Cross another off the concert bucket list.
Rappers and hip-hop artists of a certain type value lyricism (“bars”) over pretty much everything else.
As a purist, I appreciate that, but I think it ignores a vital yet rare skill that only some MCs possess, even those that can fill notebooks: the ability to write and deliver a great chorus.
MC’s that can craft an intricate hook hold a higher spot in my personal rankings and the LOX have some of the best rap choruses in hip-hop history.
The LOX are legends.
It’s been a Batman week for me.
For my birthday, my wife (and kid) decorated the dining room in a Batman theme and gave me a Batman cake like I was turning 12 and not 36.
I also wrote a long piece on how Tim Burton’s Batman films are better in memory than in reality.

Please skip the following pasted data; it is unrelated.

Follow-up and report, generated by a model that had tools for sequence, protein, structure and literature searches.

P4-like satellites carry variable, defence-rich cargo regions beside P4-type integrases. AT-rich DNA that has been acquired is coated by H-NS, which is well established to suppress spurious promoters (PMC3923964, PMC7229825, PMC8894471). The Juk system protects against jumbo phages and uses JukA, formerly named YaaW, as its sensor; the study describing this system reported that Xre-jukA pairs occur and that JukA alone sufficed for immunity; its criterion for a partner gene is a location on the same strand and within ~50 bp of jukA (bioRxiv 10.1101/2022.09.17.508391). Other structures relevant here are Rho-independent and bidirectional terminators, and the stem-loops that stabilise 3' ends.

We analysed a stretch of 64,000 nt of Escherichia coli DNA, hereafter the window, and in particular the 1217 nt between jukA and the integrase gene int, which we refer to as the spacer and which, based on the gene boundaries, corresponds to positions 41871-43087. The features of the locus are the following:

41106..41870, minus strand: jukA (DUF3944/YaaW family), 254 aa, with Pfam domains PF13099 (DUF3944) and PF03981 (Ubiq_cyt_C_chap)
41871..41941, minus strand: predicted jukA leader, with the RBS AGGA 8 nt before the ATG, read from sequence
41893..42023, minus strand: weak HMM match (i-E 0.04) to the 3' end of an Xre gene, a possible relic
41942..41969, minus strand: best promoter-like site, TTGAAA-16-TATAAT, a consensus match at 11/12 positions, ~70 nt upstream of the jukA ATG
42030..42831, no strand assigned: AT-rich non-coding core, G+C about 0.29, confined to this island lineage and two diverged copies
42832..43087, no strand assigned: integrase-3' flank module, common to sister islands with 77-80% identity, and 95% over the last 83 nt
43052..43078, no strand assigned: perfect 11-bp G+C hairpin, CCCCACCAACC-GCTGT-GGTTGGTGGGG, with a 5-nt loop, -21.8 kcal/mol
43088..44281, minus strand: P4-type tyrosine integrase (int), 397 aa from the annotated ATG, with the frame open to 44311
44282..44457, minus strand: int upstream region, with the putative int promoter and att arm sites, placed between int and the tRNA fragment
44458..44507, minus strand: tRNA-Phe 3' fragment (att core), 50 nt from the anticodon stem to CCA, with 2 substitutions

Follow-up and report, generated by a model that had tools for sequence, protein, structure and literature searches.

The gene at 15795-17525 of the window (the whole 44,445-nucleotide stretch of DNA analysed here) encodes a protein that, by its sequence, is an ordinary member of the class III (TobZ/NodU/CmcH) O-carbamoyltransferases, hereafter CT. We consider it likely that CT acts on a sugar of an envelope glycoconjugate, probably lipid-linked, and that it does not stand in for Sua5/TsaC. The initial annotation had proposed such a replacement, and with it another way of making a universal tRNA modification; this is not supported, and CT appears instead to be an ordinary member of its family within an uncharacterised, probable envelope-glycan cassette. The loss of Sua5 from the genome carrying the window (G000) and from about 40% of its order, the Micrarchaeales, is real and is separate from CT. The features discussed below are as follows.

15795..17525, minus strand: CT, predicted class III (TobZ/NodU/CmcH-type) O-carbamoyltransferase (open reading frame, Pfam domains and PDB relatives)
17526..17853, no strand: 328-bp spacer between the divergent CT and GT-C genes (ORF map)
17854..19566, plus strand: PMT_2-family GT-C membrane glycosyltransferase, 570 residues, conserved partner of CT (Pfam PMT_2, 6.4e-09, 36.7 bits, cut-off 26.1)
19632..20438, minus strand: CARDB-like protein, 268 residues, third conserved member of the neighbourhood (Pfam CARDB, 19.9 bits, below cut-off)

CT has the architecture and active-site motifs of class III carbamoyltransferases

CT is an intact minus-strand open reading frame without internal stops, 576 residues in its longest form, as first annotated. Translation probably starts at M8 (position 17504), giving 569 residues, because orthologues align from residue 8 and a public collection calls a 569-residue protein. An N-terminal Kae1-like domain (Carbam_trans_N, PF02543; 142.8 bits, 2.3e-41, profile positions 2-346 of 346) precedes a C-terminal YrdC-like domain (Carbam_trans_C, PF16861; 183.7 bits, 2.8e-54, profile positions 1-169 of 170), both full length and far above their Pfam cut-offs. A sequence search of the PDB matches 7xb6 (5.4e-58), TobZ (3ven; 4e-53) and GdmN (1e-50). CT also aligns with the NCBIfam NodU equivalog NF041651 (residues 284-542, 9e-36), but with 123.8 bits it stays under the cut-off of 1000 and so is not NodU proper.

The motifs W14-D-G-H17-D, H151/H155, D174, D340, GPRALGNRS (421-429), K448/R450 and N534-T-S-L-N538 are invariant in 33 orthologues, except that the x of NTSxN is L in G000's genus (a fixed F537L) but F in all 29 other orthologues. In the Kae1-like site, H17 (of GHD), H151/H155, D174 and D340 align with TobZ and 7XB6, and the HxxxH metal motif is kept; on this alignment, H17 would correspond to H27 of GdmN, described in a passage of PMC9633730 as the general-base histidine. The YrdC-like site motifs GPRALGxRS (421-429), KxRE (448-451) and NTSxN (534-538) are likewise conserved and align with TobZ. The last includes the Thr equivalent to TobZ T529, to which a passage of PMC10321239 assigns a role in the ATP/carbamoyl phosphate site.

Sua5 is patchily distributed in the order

Welcome back to the latest edition of Flashback Friday Flop, a weekly feature in which I examine a hip-hop album from years ago that was considered a flop, either critically or commercially or both, when it was released and see if it has gotten better – or worse – over time.
This week: The LOX’s Money, Power & Respect (1998)
Puff Daddy and Bad Boy dominated the music industry in 1997, releasing three albums that year – The Notorious B.I.G.’s Life After Death, Puffy’s own No Way Out, and Mase’s Harlem World – that combined to sell twenty-one million copies and gave birth to the Shiny Suit Era.
Everyone knows that an epic hip-hop battle that took place in late 2001, when Jay-Z and Nas brawled for the throne, but far too many people forget that another classic rap clash began that year as well.
My daughter is only three, but I often worry about her.
“Class of nine-eight, my fellow graduates / Well-known savages”
– Nature, “Fire”
A seismic shift occurred in hip-hop in 1998.